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Follow these easily implemented, do-it-yourself garden design techniques to achieve the look of a professionally designed backyard landscape.
Novice gardeners and new backyard landscapers make common mistakes that brand their landscaping efforts as an amateur.
Here’s how to avoid creating a garden that looks like a beginner designed it and create one that would make a professional landscape designer proud.
Have a Plan
Not necessarily a four-color to-scale hand-drawn plan, but at least an idea of what the landscaping needs to accomplish.
Consider the aim: is it to add color? Provide privacy for a patio or porch? Block an unpleasant view or frame a great one? Now make a list of possible plant choices based on the goals for the garden.
Study the available light at the site of the garden for a few days or better yet, weeks, before choosing plants.
Exactly when does the sun reach the space, if ever? Is the sunlight full or dappled? Knowing if the location is in full sun, part sun, full shade or part shade will help with plant selections.
Jot down the measurements of the space. Also note where the house, garage, pathways, and other obstructions are. Where is the nearest water source?
Meet the Plant’s Needs
Choose the right plant for the right place. Perennials, shrubs, and trees that thrive in deep shade will soon wither and die in a backyard with six straight hours of sun, no matter how much water they get.
Sun-loving specimens like roses, clematis and lilies will not thrive and flower, and may not even survive, in deep shade. Don’t choose a tree that wants to be 60 feet tall as a foundation planting or surround a child’s play space with shrubs that drop fruits or have thorns.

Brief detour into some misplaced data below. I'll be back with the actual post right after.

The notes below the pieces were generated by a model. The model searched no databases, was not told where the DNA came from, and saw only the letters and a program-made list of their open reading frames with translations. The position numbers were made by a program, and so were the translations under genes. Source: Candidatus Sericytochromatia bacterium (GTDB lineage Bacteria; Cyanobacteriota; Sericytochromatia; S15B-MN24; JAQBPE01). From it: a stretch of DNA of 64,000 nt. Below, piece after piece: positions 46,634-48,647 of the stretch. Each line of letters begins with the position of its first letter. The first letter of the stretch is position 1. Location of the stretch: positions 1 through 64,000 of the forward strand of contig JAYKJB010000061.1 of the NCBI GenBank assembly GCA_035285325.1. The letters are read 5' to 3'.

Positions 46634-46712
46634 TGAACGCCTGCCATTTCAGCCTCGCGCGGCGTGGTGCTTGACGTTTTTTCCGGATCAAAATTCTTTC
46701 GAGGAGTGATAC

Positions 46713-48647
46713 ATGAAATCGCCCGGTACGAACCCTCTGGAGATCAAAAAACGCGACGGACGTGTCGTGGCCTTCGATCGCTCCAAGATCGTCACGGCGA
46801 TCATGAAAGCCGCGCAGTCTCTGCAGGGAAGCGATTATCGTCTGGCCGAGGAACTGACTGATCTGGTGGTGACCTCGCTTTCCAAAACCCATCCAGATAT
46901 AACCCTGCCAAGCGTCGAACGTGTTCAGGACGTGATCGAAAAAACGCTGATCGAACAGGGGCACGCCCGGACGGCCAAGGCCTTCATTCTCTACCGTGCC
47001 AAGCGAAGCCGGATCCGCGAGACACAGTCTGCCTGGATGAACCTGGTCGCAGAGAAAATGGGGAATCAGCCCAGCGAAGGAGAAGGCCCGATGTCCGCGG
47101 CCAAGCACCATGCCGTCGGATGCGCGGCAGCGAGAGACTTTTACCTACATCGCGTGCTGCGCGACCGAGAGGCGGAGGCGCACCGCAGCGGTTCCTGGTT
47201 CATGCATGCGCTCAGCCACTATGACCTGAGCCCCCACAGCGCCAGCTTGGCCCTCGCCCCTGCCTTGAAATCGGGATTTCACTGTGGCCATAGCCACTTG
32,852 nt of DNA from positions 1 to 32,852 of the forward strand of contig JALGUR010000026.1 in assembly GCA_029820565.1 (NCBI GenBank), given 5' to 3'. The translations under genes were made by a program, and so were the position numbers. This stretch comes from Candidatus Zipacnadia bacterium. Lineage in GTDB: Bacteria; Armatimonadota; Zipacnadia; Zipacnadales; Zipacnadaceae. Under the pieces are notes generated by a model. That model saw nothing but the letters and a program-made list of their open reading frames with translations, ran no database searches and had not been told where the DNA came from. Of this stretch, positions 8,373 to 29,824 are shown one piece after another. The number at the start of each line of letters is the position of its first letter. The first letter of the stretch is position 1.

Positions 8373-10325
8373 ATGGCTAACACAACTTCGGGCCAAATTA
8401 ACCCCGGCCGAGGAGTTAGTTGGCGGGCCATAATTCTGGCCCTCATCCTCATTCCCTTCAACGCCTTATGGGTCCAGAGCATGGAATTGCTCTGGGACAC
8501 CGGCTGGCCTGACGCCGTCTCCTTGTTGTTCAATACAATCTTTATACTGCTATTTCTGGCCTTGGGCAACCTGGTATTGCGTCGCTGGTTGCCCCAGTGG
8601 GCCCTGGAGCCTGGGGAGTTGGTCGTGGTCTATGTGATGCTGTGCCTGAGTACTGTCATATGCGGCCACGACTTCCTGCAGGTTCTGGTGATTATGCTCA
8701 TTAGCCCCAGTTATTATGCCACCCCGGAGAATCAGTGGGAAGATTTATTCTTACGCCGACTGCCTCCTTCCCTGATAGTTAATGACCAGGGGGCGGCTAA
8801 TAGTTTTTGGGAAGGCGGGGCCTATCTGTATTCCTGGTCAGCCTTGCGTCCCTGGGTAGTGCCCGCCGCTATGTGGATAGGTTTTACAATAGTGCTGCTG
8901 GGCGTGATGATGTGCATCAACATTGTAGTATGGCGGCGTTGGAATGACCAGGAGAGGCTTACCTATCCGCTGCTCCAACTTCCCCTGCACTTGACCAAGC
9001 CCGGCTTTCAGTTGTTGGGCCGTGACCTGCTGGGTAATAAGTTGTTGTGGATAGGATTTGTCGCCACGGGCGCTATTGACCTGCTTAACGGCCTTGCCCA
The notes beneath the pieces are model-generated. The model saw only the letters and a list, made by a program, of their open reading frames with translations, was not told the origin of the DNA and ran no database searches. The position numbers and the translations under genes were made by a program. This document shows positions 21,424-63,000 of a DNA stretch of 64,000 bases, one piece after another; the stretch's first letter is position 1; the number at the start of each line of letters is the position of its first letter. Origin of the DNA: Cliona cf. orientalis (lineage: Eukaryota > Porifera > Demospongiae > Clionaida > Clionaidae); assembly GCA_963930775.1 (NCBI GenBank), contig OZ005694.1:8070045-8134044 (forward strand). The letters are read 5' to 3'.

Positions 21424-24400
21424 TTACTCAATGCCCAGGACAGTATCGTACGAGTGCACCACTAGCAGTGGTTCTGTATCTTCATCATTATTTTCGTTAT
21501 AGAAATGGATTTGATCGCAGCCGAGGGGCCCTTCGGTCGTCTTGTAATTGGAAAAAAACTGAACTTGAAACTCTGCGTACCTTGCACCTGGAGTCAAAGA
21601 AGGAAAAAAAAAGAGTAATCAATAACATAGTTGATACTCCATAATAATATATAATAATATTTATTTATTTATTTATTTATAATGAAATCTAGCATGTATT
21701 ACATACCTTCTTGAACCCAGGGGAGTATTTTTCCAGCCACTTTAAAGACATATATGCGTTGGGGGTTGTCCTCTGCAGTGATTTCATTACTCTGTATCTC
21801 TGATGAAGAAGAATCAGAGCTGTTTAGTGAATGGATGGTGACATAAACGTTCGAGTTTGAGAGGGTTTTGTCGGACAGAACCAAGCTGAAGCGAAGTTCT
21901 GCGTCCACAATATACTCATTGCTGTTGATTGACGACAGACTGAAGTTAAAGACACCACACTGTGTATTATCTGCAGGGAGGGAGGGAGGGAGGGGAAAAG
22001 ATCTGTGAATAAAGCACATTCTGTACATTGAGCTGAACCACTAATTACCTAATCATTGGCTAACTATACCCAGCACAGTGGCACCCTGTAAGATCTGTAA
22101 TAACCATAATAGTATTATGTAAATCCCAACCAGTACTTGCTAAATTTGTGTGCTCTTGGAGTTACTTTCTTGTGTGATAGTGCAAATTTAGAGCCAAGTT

Read the Tags
Ever notice a house with a front entryway that’s dwarfed by giant evergreen trees planted inches from the steps? Or homes that are always dark inside because the shrubs have grown over the windows? Avoid these situations by selecting plants based on their habits and eventual size, not their size the day they’re bought.
Find out the eventual spread of each plant and allow it plenty of room to grow so there’s little or no ongoing pruning required to maintain it. if the info is not on the tag, look it up online and buy and plant accordingly.
No Straight Lines
There are no straight lines in nature. (Think rocks, mountains, beaches, rivers, tree branches.) Lining up plants in straight lines or like soldiers in formation is a dead giveaway that screams “an amateur planted this.”
Unless you are creating a formal, symmetrical garden, stick to odd numbers ( three, five, seven) of each plant, situated in small groupings or dotted throughout a bed.
Don’t Forget to Water
And that means not just once or twice, but all through the growing season. On the East Coast of the U.S. for example, that’s from May until November. Aim for about one inch of water per week.
Keep track of the local rainfall and if it reaches an inch, skip watering for a few days. If not, provide water at the roots of the plant, via a soaker hose, not a wasteful overhead sprinkler.
Lay on the Mulch
Spread a 3 to a 4-inch deep layer of natural colored, not dyed, mulch on the surface of the soil around and in between plants. (Red mulch also screams “amateur” ) The mulch, which must be augmented each growing season as part of ongoing maintenance, will protect the delicate roots from drying out, conserve moisture, and keep new weed growth to a minimum.
Plan ahead and choose plants carefully for the site. Don’t plant in rigid rows. And remember to water regularly and to mulch sufficiently. Follow these guidelines and your property will be well on the way to becoming a neighborhood standout.